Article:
A modern state of mind

11 October, 2017
Nancy Barnes, Global Head of HR
Nancy BarnesGlobal Head of HR

Modern life is stressful and today’s business environment can be a challenge. We live in an uncertain world and have to deal with many different factors that affect our state of mind: family, health, wealth, world events and our careers. It is no surprise that, at times, the pressure builds and something has to give. Human beings, while being incredibly resilient at times, are also very fragile. Like the most sophisticated machines, our bodies and minds need occasional maintenance.

We’re pretty good at dealing with a broken toe, a dislocated shoulder or a menacing virus, but when it comes to our own computers – our minds – we have difficulties in admitting and dealing with problems that can occur in any of us.

Earthport Bake Off
The Great Earthport Bake Off raised money for World Mental Health Awareness Day on 10 October 2017.
Photo: Salina Christmas

That’s why increasing attention is being paid to mental health, with a growing realisation that it is every bit as important as any physical ailment – possibly more so, as the brain connects to everything we do in life.

For too long, there has been stigma attached to having problems with our mental health. History tells us that we have often swept it aside into a dark corner, locking up people who are ill in satanic buildings tucked away from public view. Fortunately, that’s changed but we are still uncomfortable with the subject and that can only be remedied by being more open about how we are actually feeling.

The fact is, mental health issues can affect any of us and they often do. But there are a number of hurdles that begin in recognising that our behaviour, our physical well-being and our judgement are being compromised by our emotions.

In the workplace, people are invariably very reluctant to admit they might be depressed, over-stressed, acting irrationally or even behaving aggressively. This can be partly due to the competitive environment, the demands being made on people, inter-personal relationships or an underlying health or personal issue.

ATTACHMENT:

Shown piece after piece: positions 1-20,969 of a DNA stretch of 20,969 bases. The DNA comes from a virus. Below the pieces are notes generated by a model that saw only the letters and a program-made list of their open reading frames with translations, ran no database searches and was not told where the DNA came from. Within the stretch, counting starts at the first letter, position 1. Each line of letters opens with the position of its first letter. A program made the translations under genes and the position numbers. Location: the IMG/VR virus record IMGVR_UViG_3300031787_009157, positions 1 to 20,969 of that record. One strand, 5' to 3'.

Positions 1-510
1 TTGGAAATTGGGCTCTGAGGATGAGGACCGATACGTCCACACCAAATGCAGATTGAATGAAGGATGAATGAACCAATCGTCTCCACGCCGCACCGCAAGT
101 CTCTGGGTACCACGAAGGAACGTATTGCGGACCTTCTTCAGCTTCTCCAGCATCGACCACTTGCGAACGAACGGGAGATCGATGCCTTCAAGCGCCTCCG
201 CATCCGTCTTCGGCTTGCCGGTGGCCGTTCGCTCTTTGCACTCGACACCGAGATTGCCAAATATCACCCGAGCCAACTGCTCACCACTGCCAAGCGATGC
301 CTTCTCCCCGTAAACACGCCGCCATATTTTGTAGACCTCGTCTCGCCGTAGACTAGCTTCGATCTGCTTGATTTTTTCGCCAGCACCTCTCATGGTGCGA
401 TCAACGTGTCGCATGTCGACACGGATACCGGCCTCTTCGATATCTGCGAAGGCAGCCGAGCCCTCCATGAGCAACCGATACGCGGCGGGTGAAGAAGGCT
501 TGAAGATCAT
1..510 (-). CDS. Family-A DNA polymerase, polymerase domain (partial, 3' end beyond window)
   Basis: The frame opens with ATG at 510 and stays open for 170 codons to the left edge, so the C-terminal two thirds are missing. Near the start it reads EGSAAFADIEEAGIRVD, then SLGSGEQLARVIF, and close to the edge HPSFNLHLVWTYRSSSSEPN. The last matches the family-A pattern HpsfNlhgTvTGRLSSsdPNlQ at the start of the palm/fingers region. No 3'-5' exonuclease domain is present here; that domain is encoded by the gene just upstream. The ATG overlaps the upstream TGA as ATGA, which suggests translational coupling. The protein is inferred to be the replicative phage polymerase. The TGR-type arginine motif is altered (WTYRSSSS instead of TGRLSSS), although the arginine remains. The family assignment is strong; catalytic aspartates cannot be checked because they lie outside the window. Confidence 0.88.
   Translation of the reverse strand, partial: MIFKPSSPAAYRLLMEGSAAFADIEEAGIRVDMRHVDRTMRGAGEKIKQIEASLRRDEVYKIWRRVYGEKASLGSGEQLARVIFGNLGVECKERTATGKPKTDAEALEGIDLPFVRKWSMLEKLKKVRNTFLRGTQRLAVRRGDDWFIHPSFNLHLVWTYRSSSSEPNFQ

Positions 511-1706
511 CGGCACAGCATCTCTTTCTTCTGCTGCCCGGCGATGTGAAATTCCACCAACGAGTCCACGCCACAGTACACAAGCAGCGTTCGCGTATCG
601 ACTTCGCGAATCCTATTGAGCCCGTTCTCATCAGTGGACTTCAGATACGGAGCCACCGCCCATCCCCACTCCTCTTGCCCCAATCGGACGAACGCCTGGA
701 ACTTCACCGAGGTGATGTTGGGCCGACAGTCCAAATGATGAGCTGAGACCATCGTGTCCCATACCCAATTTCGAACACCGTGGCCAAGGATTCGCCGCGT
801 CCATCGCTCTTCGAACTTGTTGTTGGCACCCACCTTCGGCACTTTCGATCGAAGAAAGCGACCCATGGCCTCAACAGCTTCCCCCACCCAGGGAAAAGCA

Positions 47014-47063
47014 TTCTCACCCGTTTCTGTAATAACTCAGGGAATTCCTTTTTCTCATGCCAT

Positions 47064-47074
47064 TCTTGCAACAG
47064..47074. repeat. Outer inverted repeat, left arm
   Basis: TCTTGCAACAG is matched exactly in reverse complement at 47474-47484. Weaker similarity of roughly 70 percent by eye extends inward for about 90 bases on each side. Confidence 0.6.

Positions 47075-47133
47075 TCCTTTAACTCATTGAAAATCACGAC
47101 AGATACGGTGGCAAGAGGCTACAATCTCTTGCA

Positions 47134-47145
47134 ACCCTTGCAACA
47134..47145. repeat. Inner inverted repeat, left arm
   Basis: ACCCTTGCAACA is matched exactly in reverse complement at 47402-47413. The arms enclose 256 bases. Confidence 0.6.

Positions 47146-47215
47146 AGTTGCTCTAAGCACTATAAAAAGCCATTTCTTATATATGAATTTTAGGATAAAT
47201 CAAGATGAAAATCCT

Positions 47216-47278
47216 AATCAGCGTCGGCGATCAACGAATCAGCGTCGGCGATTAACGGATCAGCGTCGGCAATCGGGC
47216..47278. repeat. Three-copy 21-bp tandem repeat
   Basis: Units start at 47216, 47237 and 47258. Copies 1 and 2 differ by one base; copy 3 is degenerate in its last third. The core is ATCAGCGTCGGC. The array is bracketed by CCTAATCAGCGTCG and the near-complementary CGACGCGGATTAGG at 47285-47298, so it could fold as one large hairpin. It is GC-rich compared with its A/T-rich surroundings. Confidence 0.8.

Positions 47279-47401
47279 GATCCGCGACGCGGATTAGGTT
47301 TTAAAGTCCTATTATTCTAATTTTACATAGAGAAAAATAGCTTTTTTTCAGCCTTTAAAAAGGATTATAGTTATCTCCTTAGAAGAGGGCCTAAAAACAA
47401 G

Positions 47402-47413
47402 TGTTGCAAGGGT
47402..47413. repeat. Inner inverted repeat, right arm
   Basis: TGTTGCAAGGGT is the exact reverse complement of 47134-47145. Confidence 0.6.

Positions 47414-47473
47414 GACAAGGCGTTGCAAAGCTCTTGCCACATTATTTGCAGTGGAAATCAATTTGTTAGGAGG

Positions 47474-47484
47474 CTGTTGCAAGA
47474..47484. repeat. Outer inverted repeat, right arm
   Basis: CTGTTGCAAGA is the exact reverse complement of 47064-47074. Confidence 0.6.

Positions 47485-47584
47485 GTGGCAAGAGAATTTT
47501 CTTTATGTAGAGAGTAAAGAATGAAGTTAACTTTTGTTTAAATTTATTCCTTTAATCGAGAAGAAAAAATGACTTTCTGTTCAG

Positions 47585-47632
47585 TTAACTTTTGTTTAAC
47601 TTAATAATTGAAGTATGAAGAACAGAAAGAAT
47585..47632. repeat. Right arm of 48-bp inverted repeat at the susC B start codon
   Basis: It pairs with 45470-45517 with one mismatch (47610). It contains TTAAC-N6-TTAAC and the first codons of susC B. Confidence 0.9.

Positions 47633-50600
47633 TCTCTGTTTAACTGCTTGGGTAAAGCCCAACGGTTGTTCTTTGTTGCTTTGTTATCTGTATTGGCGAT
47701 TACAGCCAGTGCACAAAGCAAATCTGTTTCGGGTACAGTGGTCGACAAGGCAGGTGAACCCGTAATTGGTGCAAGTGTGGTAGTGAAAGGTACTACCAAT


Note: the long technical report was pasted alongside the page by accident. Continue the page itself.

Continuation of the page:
Whatever the reason, we have to be prepared to accommodate people that are going through personal trauma. This could involve helping to identify the problem, referring them to somebody that can provide professional help and mostly, by respecting that person’s condition and providing necessary support.

We all have to realise that it is acceptable to be ill, either physically, mentally or emotionally. Furthermore, by making everyone aware of the early warning signs, the symptoms and the treatment, the easier it will become to be sympathetic and supportive of colleagues that are going through a tough time.

Large companies have been making significant efforts to provide that support through specialist teams but in smaller organisations with fewer resources, it is vital that the culture of the company reflects an awareness of the topic and has clear procedures to support staff who find themselves in a difficult situation.

Quite simply, mental health is something we all have to look after. Nobody is immune but everybody can play a part in helping those who become ill.

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